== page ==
How do I keep my wife's teeth clean when she refuses my assistance?

1 answer | Last updated: Oct 01, 2016
Tauno asked...

How do I keep my wife's teeth clean? She is now unable to brush her teeth and refuses to have me try to brush them for her. I recently had to have her sedated in order to have her teeth fixed and cleaned. That was very, very expensive, because the sedation is not covered by my dental insurance.

Expert Answers

Dr. David Blende, DDS, has more than 20 years' experience providing comprehensive dental care. His practice, the Blende Dental Group, serves the phobic, disabled, geriatric, and medically compromised communities through sleep dentistry. A division of his practice, Bay Area House Call Dentists, delivers dental services to senior communities and private homes in the San Francisco Bay Area.

While not knowing the specifics of why your wife is refusing your efforts to brush her teeth, in general, there are a variety of reasons that people are not comfortable nor compliant having people other than themselves enter their mouths "“ the mouth is considered a very private area.

When we see patients that require their family members or caregivers to provide oral hygiene, the patient is often intellectually or physically challenged, or they just don't believe they need to have their teeth cleaned.

What we do know is that the mouth can become a nest of infection when regular oral hygiene care is not maintained. Inflammation of the gums and possible abscesses occur. The bacteria in the mouth and enter the bloodstream, causing potential issues for the heart, lungs, and kidneys. It is imperative that those that want to experience long lives keep their mouth clean. In fact, one of the leading causes of death in elderly people is aspirant pneumonia and what happens in that particular situation is that that patient chokes on and/or inhales a certain amount of bacterial load that is present in the mouth because the mouth is not clean.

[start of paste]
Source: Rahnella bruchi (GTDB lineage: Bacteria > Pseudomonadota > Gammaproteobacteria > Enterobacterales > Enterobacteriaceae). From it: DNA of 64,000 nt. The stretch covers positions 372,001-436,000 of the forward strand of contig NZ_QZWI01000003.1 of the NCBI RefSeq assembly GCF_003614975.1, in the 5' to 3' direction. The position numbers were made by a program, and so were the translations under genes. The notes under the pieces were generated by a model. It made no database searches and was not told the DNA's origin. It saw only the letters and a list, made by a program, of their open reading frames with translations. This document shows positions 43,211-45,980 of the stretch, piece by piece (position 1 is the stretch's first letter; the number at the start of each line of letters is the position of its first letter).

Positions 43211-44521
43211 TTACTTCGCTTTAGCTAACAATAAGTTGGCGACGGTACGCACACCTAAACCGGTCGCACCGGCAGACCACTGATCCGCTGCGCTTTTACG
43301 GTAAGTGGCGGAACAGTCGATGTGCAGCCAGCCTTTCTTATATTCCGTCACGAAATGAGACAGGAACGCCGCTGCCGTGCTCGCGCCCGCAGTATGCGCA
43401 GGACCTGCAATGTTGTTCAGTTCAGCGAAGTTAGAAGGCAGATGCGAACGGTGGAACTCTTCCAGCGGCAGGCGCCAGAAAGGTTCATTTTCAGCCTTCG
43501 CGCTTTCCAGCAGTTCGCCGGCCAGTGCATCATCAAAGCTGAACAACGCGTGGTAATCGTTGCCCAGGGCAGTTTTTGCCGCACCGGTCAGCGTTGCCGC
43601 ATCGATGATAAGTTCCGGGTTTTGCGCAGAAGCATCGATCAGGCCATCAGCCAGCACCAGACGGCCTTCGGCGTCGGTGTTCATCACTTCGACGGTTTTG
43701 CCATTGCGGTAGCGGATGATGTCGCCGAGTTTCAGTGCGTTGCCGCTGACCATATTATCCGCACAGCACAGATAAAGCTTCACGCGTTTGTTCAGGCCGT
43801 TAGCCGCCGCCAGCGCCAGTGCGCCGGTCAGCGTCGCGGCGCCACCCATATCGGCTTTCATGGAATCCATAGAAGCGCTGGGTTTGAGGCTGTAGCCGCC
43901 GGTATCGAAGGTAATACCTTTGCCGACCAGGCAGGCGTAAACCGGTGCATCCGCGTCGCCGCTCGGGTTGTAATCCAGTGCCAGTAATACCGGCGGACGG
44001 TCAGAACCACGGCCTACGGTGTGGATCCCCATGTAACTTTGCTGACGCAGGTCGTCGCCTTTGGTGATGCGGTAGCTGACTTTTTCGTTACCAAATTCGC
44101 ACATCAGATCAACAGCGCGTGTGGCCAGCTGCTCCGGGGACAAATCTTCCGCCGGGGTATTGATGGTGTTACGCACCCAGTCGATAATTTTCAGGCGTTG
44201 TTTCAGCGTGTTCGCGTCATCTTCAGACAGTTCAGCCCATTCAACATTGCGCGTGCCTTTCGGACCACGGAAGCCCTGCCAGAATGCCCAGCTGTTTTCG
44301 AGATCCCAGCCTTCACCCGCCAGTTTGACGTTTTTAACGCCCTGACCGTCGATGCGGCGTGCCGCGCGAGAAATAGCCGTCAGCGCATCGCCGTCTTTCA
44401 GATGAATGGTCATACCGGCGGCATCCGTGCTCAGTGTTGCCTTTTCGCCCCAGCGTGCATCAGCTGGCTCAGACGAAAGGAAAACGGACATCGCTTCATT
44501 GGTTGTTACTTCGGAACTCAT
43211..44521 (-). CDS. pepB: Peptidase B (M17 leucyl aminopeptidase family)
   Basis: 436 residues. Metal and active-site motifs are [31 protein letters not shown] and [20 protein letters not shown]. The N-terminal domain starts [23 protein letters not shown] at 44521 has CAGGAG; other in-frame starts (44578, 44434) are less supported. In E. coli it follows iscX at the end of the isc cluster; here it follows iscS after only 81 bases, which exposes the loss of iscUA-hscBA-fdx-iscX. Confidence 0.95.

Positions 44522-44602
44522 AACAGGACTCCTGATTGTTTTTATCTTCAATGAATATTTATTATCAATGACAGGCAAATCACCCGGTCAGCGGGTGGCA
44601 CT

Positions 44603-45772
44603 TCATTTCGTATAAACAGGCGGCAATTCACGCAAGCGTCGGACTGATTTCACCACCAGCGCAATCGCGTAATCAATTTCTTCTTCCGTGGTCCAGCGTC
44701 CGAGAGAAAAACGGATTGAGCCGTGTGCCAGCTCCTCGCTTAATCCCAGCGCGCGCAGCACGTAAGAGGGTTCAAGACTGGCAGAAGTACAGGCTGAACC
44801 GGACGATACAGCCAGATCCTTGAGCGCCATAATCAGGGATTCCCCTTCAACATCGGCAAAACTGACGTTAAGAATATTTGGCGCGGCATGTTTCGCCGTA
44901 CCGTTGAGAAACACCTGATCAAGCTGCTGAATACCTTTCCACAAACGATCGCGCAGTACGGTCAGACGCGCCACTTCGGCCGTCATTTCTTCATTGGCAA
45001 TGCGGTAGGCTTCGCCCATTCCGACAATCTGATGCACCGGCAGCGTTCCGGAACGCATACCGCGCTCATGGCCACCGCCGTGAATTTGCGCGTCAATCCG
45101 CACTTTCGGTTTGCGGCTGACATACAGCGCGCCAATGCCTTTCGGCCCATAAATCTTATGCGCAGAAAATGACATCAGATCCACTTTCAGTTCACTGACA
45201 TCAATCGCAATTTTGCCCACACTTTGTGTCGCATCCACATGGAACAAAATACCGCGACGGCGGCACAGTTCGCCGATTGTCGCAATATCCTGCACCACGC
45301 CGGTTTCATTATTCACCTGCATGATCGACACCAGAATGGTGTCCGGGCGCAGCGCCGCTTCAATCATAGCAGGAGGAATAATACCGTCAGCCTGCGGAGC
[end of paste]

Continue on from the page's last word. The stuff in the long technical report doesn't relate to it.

So what can you do to gain access to your wife's mouth? With some of our patients, we cradle their head in our lap; we may sing them a song; we massage their face. Once a bit relaxed, we will work around to the inside of their mouth, possibly with a washcloth and we try to make the teeth cleaning as relaxing an experience as we can.

Another device that your dentist can give you is a soft bite pillow which you can put into your wife's mouth and turn sideways. If your wife continues to bite on that, this will provide access to her mouth and you can then use a brush. I would encourage you not to use toothpaste because people tend to taste the toothpaste and that has the capacity to create a series of swallow reflexes. I would just use warm water and brush as vigorously as you can "“ primarily the root surfaces where the teeth enter the gums.